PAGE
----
Transitions: Paris - Berlin - New York; Eugene Jolas: Critical Essays 1924-1951 - Introduction; Remarks on the Edition; Eugene Jolas 1894-1952: A Short Biography in Key Dates; Selected Bibliography; Critical Writings; I. Rambles Through Literary Paris; II. Revolution of the Word: transition Manifestoes and History; III. The Language of the Night; IV. From Romanticism to the Avant-Garde; V. Crisis of Man and Language: Verticalist/ Vertigralist Manifestoes; VI. Literary Encounters; VII. Literature, Culture, and Politics; VIII. Across Frontiers.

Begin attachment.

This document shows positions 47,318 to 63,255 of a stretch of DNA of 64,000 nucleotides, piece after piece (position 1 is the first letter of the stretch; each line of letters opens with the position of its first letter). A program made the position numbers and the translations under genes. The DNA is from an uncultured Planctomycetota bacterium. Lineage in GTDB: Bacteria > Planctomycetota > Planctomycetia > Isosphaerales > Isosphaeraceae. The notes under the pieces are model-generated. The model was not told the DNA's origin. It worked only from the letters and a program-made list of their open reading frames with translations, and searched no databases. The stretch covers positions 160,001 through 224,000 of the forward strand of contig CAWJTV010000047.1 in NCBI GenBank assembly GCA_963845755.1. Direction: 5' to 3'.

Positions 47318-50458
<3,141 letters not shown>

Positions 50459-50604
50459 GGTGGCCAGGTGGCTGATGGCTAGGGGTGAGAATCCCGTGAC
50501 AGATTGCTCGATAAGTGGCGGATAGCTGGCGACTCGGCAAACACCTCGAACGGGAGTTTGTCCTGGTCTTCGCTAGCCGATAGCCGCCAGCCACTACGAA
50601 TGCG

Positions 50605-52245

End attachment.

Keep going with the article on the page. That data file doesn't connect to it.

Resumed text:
Eugene Jolas was born in Union City, New Jersey, in 1894 but was raised by his Franco-German parents in Lorraine. In 1927 Jolas, along with his wife Maria McDonald and Elliot Paul, founded the influential Parisian literary magazine transition. In Paris he met James Joyce and played a major part in encouraging and defending Joyce's ""Work-in-Progress,"" later to become Finnegans Wake, a work Jolas viewed as the perfect embodiment of his manifesto. Jolas's life and career are described vividly in his autobiography, Man from Babel.